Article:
All Work and No Play: Studying the Neural Mechanisms of Social Play Behaviour in Rats
In between weaning and puberty, the young of many mammalian species, including rats and humans, display a characteristic form of social interaction known as social play behaviour. Social play behaviour is highly rewarding and of great importance for social and cognitive development. Despite its abundance and importance, however, the neural underpinnings of social play are incompletely understood. In this lecture, I will present recent advances in our understanding of the neural mechanisms of social play behaviour in rats.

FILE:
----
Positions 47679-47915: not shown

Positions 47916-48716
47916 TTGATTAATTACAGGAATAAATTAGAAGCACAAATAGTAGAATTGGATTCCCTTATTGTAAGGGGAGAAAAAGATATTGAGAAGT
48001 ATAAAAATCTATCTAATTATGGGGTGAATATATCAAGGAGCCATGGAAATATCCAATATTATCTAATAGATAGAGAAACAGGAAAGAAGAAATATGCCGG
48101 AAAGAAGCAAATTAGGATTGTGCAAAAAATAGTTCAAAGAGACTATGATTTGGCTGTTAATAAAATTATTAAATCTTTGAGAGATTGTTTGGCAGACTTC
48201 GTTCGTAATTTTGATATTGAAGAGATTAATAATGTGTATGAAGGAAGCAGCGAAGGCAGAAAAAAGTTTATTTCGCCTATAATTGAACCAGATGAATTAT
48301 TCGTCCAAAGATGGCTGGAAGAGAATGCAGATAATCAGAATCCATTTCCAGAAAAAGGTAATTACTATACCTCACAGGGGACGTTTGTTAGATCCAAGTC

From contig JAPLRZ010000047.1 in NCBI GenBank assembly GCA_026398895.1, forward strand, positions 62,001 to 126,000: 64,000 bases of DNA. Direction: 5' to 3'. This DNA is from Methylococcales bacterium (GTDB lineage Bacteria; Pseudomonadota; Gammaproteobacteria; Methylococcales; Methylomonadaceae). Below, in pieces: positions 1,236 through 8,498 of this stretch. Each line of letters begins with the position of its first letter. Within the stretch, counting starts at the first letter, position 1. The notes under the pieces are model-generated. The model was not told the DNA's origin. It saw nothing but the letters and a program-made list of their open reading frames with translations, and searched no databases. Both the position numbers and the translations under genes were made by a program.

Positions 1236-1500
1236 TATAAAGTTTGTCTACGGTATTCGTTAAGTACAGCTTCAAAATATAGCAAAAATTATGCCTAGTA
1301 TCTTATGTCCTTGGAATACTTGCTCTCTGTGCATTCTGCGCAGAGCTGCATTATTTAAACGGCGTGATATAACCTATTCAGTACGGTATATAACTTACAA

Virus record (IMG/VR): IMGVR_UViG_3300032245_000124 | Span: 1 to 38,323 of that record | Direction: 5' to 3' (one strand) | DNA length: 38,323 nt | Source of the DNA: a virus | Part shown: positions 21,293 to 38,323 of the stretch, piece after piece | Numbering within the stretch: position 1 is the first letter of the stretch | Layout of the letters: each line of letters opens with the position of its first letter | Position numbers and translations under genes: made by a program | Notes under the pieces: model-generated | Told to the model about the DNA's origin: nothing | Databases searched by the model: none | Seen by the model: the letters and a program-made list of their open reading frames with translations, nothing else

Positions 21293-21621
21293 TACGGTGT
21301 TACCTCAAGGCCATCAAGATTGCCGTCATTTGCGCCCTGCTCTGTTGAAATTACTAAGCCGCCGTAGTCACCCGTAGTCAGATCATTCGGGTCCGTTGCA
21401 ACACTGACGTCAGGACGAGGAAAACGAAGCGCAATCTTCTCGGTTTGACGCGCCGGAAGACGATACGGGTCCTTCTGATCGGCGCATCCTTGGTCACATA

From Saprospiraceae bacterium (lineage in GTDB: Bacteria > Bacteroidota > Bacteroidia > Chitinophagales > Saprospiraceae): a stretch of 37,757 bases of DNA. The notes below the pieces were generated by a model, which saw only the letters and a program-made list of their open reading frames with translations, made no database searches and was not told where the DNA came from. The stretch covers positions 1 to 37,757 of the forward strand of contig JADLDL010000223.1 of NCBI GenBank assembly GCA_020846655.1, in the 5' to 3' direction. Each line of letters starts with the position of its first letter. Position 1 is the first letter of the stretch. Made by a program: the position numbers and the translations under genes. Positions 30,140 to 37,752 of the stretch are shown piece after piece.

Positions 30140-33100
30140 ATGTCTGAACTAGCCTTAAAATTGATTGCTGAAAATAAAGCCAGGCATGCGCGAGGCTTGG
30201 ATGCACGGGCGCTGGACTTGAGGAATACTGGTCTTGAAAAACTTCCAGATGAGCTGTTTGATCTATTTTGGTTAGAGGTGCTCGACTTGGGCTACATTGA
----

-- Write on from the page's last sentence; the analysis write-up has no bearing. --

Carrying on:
Prof. Louk Vanderschuren obtained a MSc degree in Medical Biology (1990) and a PhD degree (1994) at Utrecht University. As a post-doctoral fellow, he studied the neurobiology of drug addiction at the VU University Amsterdam and the University of Cambridge. In 2010 he was appointed professor of Behavioural Neuroscience at Utrecht University. His research deals with the neurobiology of social behavior, impulsive behavior, decision making and substance addiction. Research topics include the brain mechanisms underlying loss of control over substance intake in the development of addiction, the neurobehavioral commonalities and differences between substance and food addiction, and the relationship between cognitive impairments and addictive behavior. He investigates how delays, uncertainty and the expectancy of negative consequences modulate food choice, using sophisticated rodent models of decision making and impulse control.